playable, but it'll still be slow to get out Bronzong
AND this LEGEND to begin with compared to the many other
Stage 1 pokemon in the set. If you get it out
somehow, it'll stick around for a while, but be advised,
Magnezone Prime will ruin your day with that weakness.
Combos with: Both Magnezone SF cards, Warp Point/Pokemon
10/27/10:Palkia & Dialga Legend
Hey kids! It's the first Legend card of the set! Hooray!
Anyways, it's Palkia/Dialga Legend, hereafter shortened
to PDL. We're just going to cut to the chase and discuss
the main feature of the card, Control Time. For 1MM, you
discard all Metal energies attached to PDL and your
opponent must make the top 2 cards of his deck prizes.
The attack seems so ridiculous, so seemingly broken,
there's gotta be a way to abuse it...right?
Like, it's part Metal-type, right? So you could tank
with it, using Control Time to add so many prizes that
your opponent has no chance of recovering? Well, the
problem is that you have to discard Metal energies to
use the attack, meaning that any tanking strategy will
be short-lived. You could try to tank with it until near
the time limit, then Control Time to give yourself a
lead in prizes, but in today's format, it's nearly
impossible to keep one Pokemon alive for an entire game
without KO'ing your opponent's Pokemon before they can
do the same.
And while we're at it, we'll discuss Sudden Delete,
which...doesn't do much. You get to send a Benched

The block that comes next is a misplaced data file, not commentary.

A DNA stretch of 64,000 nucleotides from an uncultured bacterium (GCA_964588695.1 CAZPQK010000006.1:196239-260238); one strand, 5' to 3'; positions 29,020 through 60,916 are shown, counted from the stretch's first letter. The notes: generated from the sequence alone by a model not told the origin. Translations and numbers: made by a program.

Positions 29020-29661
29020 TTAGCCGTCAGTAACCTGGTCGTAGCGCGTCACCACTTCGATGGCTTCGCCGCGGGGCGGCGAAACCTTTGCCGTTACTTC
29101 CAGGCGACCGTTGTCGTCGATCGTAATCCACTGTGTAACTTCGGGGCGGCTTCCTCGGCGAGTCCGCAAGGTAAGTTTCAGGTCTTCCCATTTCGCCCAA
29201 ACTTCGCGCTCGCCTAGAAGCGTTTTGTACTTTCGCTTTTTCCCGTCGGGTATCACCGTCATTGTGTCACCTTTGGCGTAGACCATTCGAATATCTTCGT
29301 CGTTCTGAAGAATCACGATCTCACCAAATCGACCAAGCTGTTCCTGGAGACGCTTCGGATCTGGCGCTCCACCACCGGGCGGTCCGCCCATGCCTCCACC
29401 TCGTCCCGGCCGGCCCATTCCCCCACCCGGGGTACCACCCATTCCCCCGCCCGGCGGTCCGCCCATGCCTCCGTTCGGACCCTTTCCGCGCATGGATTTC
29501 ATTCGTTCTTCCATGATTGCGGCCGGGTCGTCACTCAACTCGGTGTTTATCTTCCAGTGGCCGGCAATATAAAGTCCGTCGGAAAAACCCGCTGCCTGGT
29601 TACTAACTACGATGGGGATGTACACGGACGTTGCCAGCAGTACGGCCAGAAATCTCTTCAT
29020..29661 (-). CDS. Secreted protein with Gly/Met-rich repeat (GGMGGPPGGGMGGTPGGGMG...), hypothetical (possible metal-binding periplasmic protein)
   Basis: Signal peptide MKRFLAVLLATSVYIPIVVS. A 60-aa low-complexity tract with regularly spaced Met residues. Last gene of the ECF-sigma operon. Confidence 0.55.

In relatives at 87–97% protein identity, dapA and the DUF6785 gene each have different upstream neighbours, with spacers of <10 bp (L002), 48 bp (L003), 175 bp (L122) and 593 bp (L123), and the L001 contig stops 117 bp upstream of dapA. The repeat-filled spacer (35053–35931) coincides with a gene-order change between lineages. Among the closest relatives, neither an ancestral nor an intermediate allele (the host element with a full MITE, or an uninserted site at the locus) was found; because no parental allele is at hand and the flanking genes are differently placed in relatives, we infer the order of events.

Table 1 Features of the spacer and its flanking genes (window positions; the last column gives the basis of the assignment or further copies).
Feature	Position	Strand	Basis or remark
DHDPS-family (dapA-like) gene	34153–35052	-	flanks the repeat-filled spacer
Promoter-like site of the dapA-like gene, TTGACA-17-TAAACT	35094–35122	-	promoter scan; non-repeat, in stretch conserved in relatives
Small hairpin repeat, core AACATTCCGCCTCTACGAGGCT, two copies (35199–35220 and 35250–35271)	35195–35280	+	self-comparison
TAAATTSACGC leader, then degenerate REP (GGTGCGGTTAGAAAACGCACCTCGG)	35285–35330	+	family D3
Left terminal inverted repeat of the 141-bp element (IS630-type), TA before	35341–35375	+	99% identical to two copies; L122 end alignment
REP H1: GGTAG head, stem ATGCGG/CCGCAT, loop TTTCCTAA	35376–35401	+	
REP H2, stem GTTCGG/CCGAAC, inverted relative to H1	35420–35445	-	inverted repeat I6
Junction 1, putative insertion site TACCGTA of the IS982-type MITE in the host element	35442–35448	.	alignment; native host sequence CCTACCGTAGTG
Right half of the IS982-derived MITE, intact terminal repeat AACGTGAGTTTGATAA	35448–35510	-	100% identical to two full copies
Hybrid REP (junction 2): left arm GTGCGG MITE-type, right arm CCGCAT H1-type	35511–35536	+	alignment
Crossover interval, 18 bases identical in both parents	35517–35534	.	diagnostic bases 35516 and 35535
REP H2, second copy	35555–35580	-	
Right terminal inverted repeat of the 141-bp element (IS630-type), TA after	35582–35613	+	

Pokemon to your opponent's hand, which can be helpful in
some situations, but what PDL desperately needs is a
damaging attack(though that could make it broken).
Personally, I don't see a may to abuse Control Time to
justify using it. It may make a nice tech because, as
mentioned, it can be useful end-game, when the prize
count is close. Otherwise, I don't see this being used.
Combos With: ???
Palkia & Dialga LEGEND
HS – Triumphant 101/102 (LEGEND) and HS
– Triumphant 102/102 (LEGEND)
Pokémon LEGEND (Unevolved Pokémon)
Put this card from your hand onto your
Bench only with the other half of Palkia
& Dialga LEGEND.
When this Pokémon has been Knocked Out,
your opponent takes 2 Prize cards.
(WCC) Sudden Delete
Choose 1 of your opponent’s Benched
Put that Pokémon and all cards
attached to it back into your opponent’s
(MMC) Time Control
Discard all Metal Energy
attached to Palkia &
Add the top 2
cards of your opponent’s
deck to his or her Prize
First and foremost, this is a Pokémon
I listed this aspect under Stage
for simplicity, though it is a bit more
complicated than that.
Many cards effects care about
this aspect: there are a select few
LEGEND support available, like
I haven’t seen any specific
counter cards, but they are possible.